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Tribe Notes

Commentary: No Corey Kluber may mean no division crown for Indians

  • Indians-Marlins-Baseball-2

    Cleveland Indians starting pitcher Corey Kluber, left, walks into the dugout with head athletic trainer James Quinlan, right, during the fifth inning of a baseball game against the Miami Marlins, Wednesday in Miami. Kluber was hit on the right arm by a line drive hit by Miami Marlins' Brian Anderson.

    LYNNE SLADKY / AP

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Two days after the best day of the season for the Minnesota Twins, the news on Corey Kluber was ominously vague: he does indeed have a non-displaced fracture of his right arm, and he's out indefinitely.

The best that can be said about that prognosis is that at least it's better than "out for the season." But only slightly better.

As Freddie Kitchens might say, "Whoopty hell."

For now, for the Indians, the immediate, Corey Kluber-less future seems as bleak as bleak can be. Forty percent of the best starting rotation in baseball is on the injured list. One of the injured thoroughbreds was leading the majors in ERA (0.00) when he got hurt. The other injured starter has won two Cy Young Awards.

With Kluber and Mike Clevinger both out indefinitely, the onus falls on - gulp! - the Indians' hitters to pick up the slack. If you care about this team that's exactly where you DON'T want the onus to fall. Nobody does.

Except for the Minnesota Twins.

The current incarnation of the Indians' onus-plagued, so-called offense is so feeble that Friday night, for the first time in perhaps forever, the Indians' starting lineup had their designated hitter hitting exactly where the pitcher would have hit if there was no such thing as a designated hitter: ninth.

In other words, if your DH is batting ninth, isn't that sort of like playing with NO designated hitter?

Yeesh. The Indians, with two elite starting pitchers on the injured list, with not even a ballpark estimate on when they might return, are now counting on the worst offense in the American League to keep the team afloat in the AL Central.

If you care about this team, here's what you're hitching your wagon to: The Indians' team batting average of .215 is not only the worst in the league, by 12 percentage points, it's worse - by 19 points - than any team batting average in Indians' history. The lowest full-season team batting average by any Indians team is .234, done twice, 47 years ago and 51 years ago.

Where's Matt LaPorta when you need him?

It's tough - fruitless? - asking an offense for which scoring runs is like pulling teeth - wisdom teeth - for a little more production, please. That, however, will be asked of an Indians team with a league-low slugging percentage (.343) that is 31 points worse than the next closest team and 155 points lower than Minnesota's league-leading .498.

But, wait! Just as the fandom is about to slip into a full-blown post-non-displaced fracture funk, here comes the Indians' Paul Revere, clippety-clopping out of the darkness offering a rallying-the-troops battle cry:

"This," said Terry Francona, "can be our time to shine."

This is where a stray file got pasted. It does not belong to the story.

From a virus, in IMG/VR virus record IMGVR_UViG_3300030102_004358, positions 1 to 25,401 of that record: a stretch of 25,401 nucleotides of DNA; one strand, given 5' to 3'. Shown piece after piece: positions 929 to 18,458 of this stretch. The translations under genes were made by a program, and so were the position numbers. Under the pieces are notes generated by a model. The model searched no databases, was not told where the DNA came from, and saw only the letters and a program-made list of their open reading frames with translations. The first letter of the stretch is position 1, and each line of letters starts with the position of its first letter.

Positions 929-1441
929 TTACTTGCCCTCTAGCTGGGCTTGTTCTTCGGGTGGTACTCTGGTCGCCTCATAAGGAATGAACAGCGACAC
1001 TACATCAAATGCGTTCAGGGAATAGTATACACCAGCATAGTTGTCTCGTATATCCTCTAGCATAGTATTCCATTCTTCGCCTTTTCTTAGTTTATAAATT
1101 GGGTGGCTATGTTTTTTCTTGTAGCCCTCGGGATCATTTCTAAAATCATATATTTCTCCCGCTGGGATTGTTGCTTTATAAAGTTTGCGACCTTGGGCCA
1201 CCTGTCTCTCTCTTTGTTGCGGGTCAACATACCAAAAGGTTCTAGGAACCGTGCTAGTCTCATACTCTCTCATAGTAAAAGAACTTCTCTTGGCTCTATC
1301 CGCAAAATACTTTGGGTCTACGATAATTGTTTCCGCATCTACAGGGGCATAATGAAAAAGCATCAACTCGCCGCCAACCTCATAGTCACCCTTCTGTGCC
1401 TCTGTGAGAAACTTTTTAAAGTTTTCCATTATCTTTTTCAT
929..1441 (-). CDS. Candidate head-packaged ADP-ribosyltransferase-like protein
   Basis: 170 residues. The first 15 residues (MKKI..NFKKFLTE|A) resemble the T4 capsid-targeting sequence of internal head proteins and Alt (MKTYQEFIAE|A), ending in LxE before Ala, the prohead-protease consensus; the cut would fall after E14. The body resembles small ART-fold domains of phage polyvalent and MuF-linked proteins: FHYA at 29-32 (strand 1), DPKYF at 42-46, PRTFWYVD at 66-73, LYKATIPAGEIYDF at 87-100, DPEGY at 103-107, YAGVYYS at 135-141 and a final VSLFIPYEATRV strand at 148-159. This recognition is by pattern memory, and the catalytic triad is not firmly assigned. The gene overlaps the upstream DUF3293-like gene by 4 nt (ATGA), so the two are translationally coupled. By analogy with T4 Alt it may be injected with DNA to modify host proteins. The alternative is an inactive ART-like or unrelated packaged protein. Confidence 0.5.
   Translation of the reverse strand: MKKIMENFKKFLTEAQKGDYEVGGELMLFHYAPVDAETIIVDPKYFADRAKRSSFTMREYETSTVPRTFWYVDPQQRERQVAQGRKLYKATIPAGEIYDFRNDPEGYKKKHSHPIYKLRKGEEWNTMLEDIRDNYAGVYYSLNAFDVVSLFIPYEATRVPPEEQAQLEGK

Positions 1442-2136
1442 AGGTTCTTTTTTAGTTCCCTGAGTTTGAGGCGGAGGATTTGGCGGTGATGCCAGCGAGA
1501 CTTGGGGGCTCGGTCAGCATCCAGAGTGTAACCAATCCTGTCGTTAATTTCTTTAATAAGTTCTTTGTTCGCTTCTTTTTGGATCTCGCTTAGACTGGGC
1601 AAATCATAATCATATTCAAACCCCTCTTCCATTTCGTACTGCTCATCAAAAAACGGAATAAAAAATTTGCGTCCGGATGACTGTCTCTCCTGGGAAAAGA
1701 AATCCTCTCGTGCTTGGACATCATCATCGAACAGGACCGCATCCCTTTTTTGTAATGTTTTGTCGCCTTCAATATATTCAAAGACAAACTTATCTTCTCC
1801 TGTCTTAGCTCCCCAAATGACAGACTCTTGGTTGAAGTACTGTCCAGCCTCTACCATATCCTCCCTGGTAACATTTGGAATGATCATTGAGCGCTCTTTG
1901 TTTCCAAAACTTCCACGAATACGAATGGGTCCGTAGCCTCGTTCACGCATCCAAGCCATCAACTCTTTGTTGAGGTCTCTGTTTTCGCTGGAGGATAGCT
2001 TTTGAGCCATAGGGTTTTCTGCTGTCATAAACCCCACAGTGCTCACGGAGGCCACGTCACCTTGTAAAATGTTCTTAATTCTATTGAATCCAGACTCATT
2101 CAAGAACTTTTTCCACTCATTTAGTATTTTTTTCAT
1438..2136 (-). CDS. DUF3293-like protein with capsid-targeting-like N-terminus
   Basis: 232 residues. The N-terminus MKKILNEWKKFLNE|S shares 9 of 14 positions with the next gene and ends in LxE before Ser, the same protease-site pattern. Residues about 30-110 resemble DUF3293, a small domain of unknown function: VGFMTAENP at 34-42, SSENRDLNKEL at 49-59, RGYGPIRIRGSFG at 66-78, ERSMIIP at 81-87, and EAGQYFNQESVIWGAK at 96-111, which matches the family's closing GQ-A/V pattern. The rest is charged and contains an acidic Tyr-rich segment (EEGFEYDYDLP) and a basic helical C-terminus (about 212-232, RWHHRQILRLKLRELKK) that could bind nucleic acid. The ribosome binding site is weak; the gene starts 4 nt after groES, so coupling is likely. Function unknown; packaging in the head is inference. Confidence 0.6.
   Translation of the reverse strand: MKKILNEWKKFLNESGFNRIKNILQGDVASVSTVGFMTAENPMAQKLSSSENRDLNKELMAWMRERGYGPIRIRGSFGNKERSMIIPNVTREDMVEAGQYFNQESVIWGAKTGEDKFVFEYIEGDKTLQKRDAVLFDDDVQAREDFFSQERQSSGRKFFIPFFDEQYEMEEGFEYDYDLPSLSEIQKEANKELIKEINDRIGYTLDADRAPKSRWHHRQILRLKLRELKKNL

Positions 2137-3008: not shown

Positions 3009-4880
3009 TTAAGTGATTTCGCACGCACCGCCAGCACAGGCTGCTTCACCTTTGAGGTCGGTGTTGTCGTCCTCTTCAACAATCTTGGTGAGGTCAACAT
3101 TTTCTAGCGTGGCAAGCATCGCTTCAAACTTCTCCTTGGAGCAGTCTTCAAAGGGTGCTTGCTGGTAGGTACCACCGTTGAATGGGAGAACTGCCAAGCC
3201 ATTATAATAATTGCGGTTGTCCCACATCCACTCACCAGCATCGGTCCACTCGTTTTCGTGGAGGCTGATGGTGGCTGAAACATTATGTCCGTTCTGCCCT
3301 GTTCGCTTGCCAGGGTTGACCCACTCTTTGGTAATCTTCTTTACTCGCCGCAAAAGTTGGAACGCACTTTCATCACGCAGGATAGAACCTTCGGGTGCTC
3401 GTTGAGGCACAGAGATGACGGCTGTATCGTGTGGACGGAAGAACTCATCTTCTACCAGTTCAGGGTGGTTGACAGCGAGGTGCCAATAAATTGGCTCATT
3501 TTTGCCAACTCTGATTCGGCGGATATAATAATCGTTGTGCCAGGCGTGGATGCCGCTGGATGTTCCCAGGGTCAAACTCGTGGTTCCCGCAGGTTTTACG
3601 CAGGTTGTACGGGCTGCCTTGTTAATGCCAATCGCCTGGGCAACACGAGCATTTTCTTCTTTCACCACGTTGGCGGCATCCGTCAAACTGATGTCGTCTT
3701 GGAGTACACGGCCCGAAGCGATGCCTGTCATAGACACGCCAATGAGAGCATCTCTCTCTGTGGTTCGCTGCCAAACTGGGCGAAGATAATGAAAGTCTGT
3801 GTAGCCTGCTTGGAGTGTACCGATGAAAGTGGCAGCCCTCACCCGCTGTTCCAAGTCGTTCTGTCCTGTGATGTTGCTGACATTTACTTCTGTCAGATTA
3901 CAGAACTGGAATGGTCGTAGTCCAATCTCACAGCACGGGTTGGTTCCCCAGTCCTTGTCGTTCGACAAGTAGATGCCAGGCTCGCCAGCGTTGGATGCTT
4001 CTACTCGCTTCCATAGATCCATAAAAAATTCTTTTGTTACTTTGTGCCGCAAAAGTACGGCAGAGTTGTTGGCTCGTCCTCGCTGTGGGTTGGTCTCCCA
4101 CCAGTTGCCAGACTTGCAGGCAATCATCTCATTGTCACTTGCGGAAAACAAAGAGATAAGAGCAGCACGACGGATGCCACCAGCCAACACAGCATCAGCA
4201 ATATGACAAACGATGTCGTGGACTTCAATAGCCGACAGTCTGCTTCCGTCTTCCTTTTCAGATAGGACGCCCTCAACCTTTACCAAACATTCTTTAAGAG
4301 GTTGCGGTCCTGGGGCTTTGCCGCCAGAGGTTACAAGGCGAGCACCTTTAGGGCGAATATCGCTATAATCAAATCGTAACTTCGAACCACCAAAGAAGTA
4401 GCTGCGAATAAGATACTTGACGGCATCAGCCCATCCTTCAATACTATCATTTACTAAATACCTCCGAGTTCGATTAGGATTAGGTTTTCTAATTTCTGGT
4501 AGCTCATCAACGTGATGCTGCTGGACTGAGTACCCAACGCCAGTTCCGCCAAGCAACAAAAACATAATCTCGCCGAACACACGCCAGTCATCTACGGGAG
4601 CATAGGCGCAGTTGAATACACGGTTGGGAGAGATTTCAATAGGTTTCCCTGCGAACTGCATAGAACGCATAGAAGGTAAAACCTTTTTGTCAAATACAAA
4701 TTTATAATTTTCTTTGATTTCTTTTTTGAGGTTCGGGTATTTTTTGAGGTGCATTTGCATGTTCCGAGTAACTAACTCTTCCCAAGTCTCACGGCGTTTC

"Or not," you're thinking - right?

This is why managers - especially THIS manager - make the big bucks.

Just to make sure his scrappy little band of offensively challenged hired hands are all on the same tattered page, Francona called a team meeting Friday, prior to facing a Seattle team, whose No.4 hitter belted 32 home runs and drove in 107 runs last year - for the Indians.

Francona said he wanted to remind his players, "who we are and what we stand for. How you handle adversity decides how your season goes. Now it's getting thrown at us, and teams aren't going to feel sorry for us."

This, a baseball barrister might argue, is a case of the Indians getting what they deserved, after dangerously diminishing their roster with a radical payroll-slashing offseason. The hope - "strategy" might be giving ownership too much credit - was apparently that the elite pitching staff, anchored by the five-star rotation, would be enough to cover for the popgun offense.

Now, with an injury-riddled rotation, the margin of error that was slim even for a full-strength rotation, becomes even more dangerously slender, with two understudies taking rotation turns for the foreseeable future, backed by the same lightweight lineup.

There is, moreover, no indication that there is any inclination to trade for any significant help during the season, a season launched with that risky mandate to somehow win more with less.

But now, suddenly, the opening day rotation is much less than it was projected to be, and the offense is even worse than it was feared to be.

Other than that, it's all seashells and balloons.

The great X-factor, of course, is Francona himself. If there is a manager who can manage his way out of harm's way, it's the future Hall of Fame skipper. That's an advantage the Indians have, and will need, barely one month into a season in which they seem tied to the tracks, from which they can hear that lonesome whistle blow.

"Our job is to believe we can win tonight by one run," Francona said prior to Friday's game. "We're not thinking about July."

Not when May looks ugly enough.

Contact Jim Ingraham at (440) 329-7135 or jingraham4@gmail.com


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